cover image Girls That Never Die

Girls That Never Die

Safia Elhillo. One World, $16 trade paper (144p) ISBN 978-0-593-22948-4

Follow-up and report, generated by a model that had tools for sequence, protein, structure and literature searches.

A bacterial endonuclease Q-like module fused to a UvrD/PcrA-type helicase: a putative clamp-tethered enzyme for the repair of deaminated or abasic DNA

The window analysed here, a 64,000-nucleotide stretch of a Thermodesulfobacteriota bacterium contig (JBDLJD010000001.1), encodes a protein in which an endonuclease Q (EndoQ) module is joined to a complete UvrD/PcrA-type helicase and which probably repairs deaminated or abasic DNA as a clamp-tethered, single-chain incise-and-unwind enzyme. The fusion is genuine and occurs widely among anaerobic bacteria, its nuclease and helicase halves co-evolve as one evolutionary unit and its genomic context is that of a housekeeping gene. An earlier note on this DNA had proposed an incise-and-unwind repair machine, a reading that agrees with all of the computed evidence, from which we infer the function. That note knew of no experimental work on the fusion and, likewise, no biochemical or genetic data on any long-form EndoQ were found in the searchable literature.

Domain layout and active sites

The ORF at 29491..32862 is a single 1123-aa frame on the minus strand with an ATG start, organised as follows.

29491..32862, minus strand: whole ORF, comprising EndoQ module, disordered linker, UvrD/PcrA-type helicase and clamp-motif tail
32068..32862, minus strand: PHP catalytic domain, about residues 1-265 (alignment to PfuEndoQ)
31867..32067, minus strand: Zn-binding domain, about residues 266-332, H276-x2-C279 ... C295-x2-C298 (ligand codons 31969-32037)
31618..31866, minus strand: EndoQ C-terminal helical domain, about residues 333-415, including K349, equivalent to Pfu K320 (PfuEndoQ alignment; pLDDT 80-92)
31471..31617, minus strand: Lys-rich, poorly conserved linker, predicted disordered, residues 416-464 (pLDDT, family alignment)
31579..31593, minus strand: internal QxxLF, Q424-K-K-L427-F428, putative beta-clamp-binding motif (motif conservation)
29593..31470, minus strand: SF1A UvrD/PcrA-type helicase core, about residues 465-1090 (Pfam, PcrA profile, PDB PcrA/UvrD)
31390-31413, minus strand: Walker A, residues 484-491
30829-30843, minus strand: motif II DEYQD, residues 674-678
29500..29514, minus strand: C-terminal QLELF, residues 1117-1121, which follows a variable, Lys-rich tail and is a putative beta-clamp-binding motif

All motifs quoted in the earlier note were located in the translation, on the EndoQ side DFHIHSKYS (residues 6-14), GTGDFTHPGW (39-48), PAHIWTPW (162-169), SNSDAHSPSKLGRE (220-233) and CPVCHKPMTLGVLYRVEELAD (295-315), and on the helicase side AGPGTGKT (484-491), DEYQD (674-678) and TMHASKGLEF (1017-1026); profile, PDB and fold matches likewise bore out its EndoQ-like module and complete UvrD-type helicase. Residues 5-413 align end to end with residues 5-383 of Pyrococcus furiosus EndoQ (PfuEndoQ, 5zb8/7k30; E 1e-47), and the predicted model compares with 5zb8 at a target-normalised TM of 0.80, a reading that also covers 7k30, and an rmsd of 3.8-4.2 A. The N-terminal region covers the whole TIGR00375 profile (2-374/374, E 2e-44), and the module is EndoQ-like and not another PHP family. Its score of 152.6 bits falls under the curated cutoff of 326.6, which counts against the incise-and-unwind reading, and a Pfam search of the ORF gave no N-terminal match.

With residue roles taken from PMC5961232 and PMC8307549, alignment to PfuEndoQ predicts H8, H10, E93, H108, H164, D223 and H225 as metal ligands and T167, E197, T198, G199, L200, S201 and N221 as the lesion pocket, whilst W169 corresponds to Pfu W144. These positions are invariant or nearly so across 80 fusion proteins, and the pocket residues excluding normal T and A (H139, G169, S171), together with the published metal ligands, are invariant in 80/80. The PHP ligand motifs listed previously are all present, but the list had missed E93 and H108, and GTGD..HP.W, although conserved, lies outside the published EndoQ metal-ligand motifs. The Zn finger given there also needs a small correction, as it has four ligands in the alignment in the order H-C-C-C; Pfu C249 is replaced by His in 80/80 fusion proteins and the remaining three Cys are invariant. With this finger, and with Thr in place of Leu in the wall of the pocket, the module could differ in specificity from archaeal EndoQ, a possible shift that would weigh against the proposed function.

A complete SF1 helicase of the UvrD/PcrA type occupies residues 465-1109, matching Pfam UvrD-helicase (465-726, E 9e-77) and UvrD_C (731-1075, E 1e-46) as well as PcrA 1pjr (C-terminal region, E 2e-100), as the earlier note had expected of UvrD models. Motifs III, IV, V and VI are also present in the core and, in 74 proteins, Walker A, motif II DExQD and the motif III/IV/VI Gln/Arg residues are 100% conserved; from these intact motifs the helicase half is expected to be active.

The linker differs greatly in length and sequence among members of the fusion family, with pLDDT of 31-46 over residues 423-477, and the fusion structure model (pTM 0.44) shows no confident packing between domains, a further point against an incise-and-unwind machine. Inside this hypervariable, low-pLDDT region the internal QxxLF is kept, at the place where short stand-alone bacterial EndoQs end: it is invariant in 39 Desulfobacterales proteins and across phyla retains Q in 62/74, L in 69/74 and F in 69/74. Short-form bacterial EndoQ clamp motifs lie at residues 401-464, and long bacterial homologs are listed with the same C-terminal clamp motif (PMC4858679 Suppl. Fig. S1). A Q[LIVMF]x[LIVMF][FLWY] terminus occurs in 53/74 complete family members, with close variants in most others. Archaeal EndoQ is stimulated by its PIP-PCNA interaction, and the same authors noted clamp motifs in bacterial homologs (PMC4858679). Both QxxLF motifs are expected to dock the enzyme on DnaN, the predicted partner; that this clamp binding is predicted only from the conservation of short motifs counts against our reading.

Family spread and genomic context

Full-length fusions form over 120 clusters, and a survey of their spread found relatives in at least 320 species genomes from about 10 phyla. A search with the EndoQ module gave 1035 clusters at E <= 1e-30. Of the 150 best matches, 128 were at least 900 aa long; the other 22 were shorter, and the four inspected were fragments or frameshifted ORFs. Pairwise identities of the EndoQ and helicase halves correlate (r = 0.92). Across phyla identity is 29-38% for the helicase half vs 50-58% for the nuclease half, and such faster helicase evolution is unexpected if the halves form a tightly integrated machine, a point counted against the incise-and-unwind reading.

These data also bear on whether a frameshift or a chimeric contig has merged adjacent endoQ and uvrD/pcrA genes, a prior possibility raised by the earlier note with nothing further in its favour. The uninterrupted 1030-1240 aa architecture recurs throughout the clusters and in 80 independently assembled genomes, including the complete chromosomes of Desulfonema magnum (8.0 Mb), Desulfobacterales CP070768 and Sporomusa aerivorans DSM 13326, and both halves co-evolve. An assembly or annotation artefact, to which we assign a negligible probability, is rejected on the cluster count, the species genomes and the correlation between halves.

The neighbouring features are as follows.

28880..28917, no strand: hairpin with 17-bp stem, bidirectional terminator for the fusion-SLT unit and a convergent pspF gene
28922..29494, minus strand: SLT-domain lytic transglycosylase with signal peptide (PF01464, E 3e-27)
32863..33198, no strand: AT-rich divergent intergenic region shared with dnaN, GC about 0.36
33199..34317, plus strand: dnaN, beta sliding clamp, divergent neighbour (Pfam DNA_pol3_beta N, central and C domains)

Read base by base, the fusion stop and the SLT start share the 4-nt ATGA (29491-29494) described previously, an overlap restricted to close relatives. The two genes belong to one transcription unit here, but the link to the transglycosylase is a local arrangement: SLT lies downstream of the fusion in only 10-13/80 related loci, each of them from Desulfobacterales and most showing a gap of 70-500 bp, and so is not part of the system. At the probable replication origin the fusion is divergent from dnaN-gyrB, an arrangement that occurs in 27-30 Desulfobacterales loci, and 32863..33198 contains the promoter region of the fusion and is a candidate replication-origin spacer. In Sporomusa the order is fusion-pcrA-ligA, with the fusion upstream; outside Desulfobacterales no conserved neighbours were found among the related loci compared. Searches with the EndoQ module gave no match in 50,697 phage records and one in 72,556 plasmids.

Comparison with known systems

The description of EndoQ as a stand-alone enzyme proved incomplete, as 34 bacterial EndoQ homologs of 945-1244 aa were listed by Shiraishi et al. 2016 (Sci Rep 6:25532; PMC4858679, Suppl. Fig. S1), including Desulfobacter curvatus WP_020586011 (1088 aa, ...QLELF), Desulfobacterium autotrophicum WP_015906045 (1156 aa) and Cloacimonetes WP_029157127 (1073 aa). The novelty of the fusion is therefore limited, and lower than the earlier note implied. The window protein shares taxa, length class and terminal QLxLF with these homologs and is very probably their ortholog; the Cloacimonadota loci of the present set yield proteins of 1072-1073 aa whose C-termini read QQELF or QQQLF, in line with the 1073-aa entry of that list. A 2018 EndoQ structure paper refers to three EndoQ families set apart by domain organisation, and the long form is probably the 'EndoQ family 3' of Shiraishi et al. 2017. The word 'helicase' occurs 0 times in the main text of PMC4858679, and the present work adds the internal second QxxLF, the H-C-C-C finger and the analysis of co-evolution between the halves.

In this spellbinding outing, Elhillo (The January Children) examines misogynist attitudes in religion and culture that incite violence against women. “Infibulation Study” addresses female genital mutilation, once a common practice in Sudan, from where the poet’s family emigrated. Conversations with relatives about this practice are relayed with a clinical frankness, “I begin with speculation about our mothers, that each continues to have a clitoris. False,” and with grief, “a body to be sliced like festival lamb.” Elhillo excels at description and resonant, musical imagery (a former love interest had “fingers long as spring onions”). In the prose poem “Memoir,” she narrates a period of her youth spent in New York City with vivid detail: “We slept on each other’s floors & never asked. Dollar/ pizza darkening a paper plate, our bodies crowding the F train,/ crowding the Lower East Side.” Though many poems address the darker aspects of life as a woman, Elhillo also celebrates the powerful bonds among women who support one another, as in “Ode to My Homegirls,” in which she exalts the joys of female friendship. This is an astonishing paean to the women who endure and triumph together. (July)